Team:Paris Saclay/Project



Detection and degradation of PCB system in Escherichia coli

Since the second half of the 20th century, scientists are fully aware that some bacterial species living in media with high concentration of PCBs are able to degrade PCBs into pyruvate and acetyl-CoA which are then easily metabolized by these organisms.

These bacterial species structure in biofilm with regions that have variable concentrations of oxygen, high at the surface and decreasing with depth. Bacteria living in this habitat have, in most cases, different degradation pathways, which are aerobic or anaerobic depending on their spatial disposition in the biofilm.

Bacteria in aerobic environment use PCB oxidative degradation pathways; those in anaerobic condition degrade PCBs via reductive dechlorination pathways. None of the bacteria seems to use both pathways.

The reductive dechlorination reduces the number of chlorines of high chlorinated PCBs. The dechlorinated PCBs can be further degraded by an oxidative degradation which is efficient only with low chlorinated PCBs. That’s may explain why these different species coexist in biofilms.

Our goal in this project is to desing an organism able to i) detect PCB and then ii) employ a sequential degradation of the PCB using both combined pathways. For our experiences, we used bacteria present in nature that are able to detect and degrade the PCBs, namely Burkholderia xenovorans, Pseudomonas pseudoalcaligenes KF 707 and Rhodococcus jostii RHA1.


Construction of a system to detect the presence of PCBs

Pseudomonas pseudoalcaligenes expresses enzymes that are responsible for an oxidative degradation of PCBs. The system is regulated two proteins, BphR2 and BphR1 coded by the bphR2 and bphR1 genes, respectively. PCBs induce a BphR2 conformational change to trigger BphR2 transcriptional activity leading to expression of the PCB oxidative degradation pathway.


BphR2 also induces the expression of bphR1.


For the project, we will use the bphR2 gene and the bphR1 promoter. We will place the bphR2 coding sequence under a constitutive promoter. We will also construct a transcriptional fusion between the bphR1 promoter with the lacZ gene coding for the β-galactosidase enzyme. The amount of β-galactosidase can be easily monitored by a chemical reaction using Xgal. With this system, the β-galactosidase activity will dependent on the bphR1 promoter expression. Since the bphR1 promoter is controlled by the PCB-activated BphR2, the β-galactosidase activity will correlate with the presence of PCBs.


Combination of the aerobic and anaerobic PCB degradation pathways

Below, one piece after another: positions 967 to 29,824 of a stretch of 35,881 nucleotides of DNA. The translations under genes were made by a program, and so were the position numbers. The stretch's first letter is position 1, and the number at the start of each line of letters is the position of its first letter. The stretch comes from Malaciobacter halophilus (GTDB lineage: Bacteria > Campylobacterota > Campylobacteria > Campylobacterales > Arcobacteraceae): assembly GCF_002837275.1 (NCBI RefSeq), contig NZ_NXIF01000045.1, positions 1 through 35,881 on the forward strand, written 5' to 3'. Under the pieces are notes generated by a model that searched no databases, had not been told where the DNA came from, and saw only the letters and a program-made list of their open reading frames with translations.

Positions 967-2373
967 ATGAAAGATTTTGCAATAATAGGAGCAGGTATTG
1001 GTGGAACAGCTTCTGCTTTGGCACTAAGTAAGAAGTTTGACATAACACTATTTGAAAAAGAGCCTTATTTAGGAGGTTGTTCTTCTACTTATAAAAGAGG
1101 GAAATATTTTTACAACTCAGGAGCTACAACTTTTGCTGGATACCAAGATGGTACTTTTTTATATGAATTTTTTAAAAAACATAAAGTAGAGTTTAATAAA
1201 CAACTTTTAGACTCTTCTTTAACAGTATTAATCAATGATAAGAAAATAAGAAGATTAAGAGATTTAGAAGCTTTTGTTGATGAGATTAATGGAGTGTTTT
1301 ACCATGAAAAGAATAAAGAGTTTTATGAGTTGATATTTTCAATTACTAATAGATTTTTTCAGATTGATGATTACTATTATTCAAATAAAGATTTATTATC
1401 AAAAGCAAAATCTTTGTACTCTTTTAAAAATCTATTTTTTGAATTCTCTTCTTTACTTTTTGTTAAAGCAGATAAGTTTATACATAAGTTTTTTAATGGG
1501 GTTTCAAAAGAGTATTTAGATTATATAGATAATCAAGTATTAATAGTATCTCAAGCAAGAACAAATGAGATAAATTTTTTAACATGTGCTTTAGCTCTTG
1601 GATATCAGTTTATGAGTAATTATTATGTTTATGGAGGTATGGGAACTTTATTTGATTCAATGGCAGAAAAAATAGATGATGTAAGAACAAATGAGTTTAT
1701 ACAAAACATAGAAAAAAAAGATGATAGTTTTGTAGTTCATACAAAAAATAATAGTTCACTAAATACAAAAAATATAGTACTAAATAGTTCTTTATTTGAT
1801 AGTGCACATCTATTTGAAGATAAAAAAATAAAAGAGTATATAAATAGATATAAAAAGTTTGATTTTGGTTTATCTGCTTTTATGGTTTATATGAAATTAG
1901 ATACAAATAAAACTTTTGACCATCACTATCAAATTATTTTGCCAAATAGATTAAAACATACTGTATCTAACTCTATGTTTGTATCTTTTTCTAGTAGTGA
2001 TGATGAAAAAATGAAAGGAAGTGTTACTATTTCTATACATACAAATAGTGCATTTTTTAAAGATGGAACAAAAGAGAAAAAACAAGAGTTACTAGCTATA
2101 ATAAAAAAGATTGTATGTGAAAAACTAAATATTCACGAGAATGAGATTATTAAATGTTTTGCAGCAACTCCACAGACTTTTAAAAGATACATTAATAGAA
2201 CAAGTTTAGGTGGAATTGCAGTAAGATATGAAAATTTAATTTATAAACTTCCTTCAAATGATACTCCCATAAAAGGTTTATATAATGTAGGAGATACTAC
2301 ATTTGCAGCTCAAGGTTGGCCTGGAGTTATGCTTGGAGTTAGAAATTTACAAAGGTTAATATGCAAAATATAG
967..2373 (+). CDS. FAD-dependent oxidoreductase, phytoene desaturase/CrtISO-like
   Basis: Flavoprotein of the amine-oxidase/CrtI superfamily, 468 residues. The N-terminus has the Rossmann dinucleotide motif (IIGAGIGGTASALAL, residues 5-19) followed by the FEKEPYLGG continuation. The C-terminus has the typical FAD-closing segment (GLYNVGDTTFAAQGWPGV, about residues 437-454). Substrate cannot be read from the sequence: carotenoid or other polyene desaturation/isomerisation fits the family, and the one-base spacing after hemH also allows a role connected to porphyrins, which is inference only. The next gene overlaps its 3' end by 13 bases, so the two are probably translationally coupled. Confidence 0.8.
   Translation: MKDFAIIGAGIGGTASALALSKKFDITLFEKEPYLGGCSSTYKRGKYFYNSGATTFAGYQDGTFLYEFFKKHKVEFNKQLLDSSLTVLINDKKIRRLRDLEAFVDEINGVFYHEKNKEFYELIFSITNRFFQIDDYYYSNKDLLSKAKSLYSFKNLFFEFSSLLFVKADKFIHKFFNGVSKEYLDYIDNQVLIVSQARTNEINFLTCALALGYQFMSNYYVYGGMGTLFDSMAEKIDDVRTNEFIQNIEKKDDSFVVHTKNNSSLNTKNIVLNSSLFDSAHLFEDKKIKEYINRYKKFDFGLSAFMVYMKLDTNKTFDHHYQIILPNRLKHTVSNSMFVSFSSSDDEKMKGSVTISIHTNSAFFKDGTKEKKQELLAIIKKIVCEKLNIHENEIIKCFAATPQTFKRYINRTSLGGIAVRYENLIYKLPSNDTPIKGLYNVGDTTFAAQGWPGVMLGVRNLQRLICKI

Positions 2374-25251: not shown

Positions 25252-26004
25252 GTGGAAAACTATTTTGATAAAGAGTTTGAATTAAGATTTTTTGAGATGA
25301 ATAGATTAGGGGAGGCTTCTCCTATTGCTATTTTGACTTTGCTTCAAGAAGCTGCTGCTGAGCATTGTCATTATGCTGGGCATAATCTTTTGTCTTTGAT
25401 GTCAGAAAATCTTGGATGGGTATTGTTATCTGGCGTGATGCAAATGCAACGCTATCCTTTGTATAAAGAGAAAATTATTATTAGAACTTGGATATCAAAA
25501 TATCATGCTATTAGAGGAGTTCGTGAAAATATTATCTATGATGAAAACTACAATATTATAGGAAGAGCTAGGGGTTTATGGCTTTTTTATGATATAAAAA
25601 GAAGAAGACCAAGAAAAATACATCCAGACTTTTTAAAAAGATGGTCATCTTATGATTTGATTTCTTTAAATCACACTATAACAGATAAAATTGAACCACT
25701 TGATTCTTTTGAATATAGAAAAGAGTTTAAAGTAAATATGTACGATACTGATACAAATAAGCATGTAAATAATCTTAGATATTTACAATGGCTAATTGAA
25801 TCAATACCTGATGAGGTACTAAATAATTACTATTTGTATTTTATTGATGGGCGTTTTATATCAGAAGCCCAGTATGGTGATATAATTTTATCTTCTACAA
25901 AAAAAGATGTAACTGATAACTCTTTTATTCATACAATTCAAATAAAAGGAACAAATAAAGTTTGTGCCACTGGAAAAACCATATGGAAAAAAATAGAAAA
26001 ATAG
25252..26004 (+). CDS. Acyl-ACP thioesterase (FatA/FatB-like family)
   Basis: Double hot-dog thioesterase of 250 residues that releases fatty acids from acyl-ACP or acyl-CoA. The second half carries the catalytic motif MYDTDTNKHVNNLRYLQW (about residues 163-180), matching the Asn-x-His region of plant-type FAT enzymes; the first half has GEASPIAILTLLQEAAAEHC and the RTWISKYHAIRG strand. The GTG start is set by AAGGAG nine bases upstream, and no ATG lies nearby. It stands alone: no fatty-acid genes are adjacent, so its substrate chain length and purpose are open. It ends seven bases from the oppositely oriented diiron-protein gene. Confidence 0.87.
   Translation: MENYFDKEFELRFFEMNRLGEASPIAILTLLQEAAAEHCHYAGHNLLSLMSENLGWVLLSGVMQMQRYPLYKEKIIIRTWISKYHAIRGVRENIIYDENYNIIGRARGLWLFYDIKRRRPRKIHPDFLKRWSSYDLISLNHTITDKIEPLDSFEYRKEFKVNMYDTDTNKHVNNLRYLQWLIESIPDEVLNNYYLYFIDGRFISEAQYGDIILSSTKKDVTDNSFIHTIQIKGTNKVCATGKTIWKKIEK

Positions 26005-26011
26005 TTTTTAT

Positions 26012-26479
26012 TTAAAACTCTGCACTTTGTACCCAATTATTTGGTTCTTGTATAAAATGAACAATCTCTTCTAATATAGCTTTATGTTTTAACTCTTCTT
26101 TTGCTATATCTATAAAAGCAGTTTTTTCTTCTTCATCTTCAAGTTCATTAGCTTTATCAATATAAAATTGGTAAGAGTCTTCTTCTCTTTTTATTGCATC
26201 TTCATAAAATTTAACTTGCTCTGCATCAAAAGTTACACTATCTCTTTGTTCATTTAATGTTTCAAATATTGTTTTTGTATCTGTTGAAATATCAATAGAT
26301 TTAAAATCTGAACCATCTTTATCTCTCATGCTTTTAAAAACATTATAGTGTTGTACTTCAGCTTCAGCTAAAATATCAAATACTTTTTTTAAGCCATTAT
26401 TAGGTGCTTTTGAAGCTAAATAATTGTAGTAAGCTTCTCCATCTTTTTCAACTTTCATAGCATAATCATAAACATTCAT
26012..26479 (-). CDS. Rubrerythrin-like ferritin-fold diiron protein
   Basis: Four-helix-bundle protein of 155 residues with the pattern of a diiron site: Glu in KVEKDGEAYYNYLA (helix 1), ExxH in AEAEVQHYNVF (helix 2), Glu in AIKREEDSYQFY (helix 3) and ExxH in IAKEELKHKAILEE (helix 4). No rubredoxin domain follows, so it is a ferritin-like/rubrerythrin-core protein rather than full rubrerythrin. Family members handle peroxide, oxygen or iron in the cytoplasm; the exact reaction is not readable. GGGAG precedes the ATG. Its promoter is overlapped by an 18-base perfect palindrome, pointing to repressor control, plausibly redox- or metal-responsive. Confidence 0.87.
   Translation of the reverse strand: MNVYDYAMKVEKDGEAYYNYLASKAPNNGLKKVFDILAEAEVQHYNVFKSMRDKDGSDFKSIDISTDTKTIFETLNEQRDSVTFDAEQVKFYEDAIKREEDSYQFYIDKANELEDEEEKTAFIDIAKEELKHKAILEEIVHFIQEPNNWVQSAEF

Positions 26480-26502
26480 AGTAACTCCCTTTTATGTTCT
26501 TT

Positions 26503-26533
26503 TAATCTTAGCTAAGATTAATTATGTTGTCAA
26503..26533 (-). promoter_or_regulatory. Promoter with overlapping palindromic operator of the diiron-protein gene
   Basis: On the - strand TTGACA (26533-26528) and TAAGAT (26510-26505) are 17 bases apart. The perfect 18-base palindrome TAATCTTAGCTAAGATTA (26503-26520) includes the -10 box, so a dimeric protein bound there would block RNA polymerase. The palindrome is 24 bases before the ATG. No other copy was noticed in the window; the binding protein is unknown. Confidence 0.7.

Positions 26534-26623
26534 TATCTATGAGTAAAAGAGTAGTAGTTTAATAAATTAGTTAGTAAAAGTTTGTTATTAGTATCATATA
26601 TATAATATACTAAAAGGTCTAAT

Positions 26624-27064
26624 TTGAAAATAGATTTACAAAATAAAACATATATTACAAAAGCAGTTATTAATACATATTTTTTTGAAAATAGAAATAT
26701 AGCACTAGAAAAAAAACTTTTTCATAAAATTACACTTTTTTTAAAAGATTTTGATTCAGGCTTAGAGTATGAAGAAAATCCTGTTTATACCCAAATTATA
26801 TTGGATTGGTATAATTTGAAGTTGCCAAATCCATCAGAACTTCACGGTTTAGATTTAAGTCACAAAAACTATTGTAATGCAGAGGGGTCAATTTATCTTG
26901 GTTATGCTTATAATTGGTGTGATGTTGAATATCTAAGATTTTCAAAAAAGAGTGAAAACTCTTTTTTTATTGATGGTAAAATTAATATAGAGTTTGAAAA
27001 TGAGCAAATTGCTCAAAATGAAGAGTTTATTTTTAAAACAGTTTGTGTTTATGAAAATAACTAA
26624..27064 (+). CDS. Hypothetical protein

To perform an efficient PCB degradation, two processes should be sequentially combined, the PCB reductive dechlorination followed by a PCB oxidative degradation pathway. Our goal is to engineer a bacterium expressing alternatively both pathways according to growth conditions, with first the reductive dechlorination in anaerobiosis followed by a PCB oxidative degradation in aerobiosis.

The bacterium E. coli has an aerobic and an anaerobic metabolism that will be used to combine of the two PCB degradation pathways. The switch between aerobic and anaerobic metabolism is partly regulated the transcriptional regulator FNR. This protein has a dual function: it activates genes involved in anaerobic metabolism and represses genes involved in aerobic metabolism. FNR expression is constitutive, but its activity is directly affected by the presence of oxygen which oxidizes of an essential [4Fe-4S] cluster. For the project, we use two promoters, PnrdH and PnifR which are repressed and activated by FNR, respectively

The reductive dechlorination pathway is not well characterized; only one enzyme, a dehalogenase, is mentioned as contributing to this pathway. We propose to clone the corresponding gene in E. coli under the control of the PnifR promoter. As a result, the reductive dechlorination enzyme should be expressed in anaerobiosis to perform the first PCB degradation step. The second step involves an oxidative degradation and is performed in aerobiosis. We propose to clone the operon PCB oxidative degradation under the PrndH promoter which is derepressed in anaerobiosis. This configuration should optimize the PCB degradation according to the environmental conditions.



Kensuke Furukawa, Hikaru Suenaga and Masatoshi Goto

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Analysis of bph Operon from the Polychlorynated Biphenyl-degrading Strain of Pseudomonas pseudoalcaligenes KF707


Kensuke Furukawa and Hidehiko Fujihara

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Jim A. Field, Reyes Sierra-Alvarez

Microbial transformation and degradation of polychlorinated biphenyls

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Lorenz Adrian, Helmut Görisch

Microbial transformation of chlorinated benzenes under anaerobic conditions

Research in Microbiology, 2002

Dean. A Tolla and Michael A. Savageau

Regulation of Aerobic-to-Anaerobic Transitions by the FNR Cycle in Escherichia coli

J. Mol. Biol. (2010)

Hidehiko Fujihara, Hideyuki Yoshida, Tetsuya Matsunaga, Masatoshi Goto, and Kensuke Furukawa

Cross-Regulation of Biphenyl- and Salicylate-Catabolic Genes by Two Regulatory Systems in Pseudomonas pseudoalcaligenes KF707


Article written by Eric and Nadia